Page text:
by Shannon McCullough
I have come to learn that what surrounds you or what you have chosen to surround yourself with, for whatever reason, is the best. How one processes the thought of “the best” will have many different subjective personal meanings. You would expect me, as a food writer, to jump into the cliché of the best food of 2013 this month; I shall not. I write of what inspires me, certainly, as a professional caterer, I am inspired by food, but here in Guatemala there is a great deal of inspiration at every turn. It is the magic that draws people here in droves.
2013, a full year living in Guatemala — in my first month, as I pitched a project idea, I remember someone saying to me, “No one will know your name for at least two years.” I was taken aback to be sure, but smart enough to know better. I was in search of the best Guatemala has to offer, and I have since learned to stop searching, as the best surrounds all of us in every moment.
Guatemala has made me aware of what really matters. Having grown up in the U.S., we use the words “the best” with a different meaning. People camping out in front of the Mac Store for two days in the cold to purchase the latest iPhone is a great example. People want the best and the newest of everything, even when what they have will last them for years. Corporations spend billions of dollars to keep people enthralled in a state of “having the best,” which could only be referred to as “ridiculous.”
I am much happier here in Guatemala, not living in the constant state of “want.” Driving a new Lexus or Mercedes-Benz here is not the best as it would be perceived in other countries. Driving around in an old car in Guatemala has no social implications.
Today I value something much better than a new Mercedes automobile, it is friendship. Ironically, one of my friends is named Mercedes. She makes me smile, and I, too, her. It is a friendship that will carry me many more miles than a car with monthly payments that could feed a family in Guatemala for months.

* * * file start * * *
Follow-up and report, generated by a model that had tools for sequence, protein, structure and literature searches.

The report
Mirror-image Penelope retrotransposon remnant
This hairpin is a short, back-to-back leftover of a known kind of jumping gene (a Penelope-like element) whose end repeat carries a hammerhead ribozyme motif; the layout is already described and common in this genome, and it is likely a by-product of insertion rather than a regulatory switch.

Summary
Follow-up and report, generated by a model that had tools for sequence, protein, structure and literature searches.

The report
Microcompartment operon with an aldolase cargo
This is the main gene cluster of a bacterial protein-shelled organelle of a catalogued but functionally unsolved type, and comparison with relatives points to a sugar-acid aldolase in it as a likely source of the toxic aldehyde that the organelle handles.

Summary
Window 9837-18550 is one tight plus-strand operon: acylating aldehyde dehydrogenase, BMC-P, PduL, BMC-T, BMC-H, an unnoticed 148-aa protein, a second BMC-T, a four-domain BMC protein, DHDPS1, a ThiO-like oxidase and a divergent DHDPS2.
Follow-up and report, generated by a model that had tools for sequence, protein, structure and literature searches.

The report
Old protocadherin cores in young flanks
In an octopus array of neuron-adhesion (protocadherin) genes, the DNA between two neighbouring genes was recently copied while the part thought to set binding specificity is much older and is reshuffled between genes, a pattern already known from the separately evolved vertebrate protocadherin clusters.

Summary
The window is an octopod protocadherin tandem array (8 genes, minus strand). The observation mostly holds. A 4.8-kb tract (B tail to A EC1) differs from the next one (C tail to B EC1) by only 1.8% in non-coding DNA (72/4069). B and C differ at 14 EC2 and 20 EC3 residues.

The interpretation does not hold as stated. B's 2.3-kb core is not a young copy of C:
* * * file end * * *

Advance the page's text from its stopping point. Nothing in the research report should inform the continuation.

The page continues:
I have surrounded myself with friends and family without agendas, nor am I in it for personal gain. I have learned not to give up on people who cannot express their fondness of others, as I know it is their heart. I see things in people which others may not. I see behavior in some of which I can only learn something. I read a quote many years ago that said, “My friends are few, but altogether sufficient.” It is here in Guatemala I have learned these words to be true.
I have realized not to place value in things but rather in true friendships. I have a special friend, and I often make my way to her office. She has a heart so full of love for people, animals and life that I could not imagine not having her in my life. She is the best, and has taught me to search for the truth in my heart. Living here in Guatemala has brought me joy in ways that I never could have imagined.
I have no need for the best new iPad, the best new car or best of anything. I see best in everything that surrounds me. Achaan Chaa, the Thai meditation master, once said, “Do you see this glass? I love this glass. It holds the water admirably. When I tap it, it has a lovely ring. When the sun shines on it, it reflects the light beautifully. But when the wind blows and the glass falls off the shelf and breaks or if my elbow hits it and it falls to the ground I say, of course. But when I know that the glass is already broken every minute with it is precious.”
Friendship, too, is precious and fragile. To the friends I have made here in Guatemala, I value your friendships. I am sure to meet more friends in the coming New Year and I am certain that even more of the best is yet to come.
Shannon McCullough is a writer living in La Antigua Guatemala. He is currently writing a book on cooking and entertaining in Guatemala.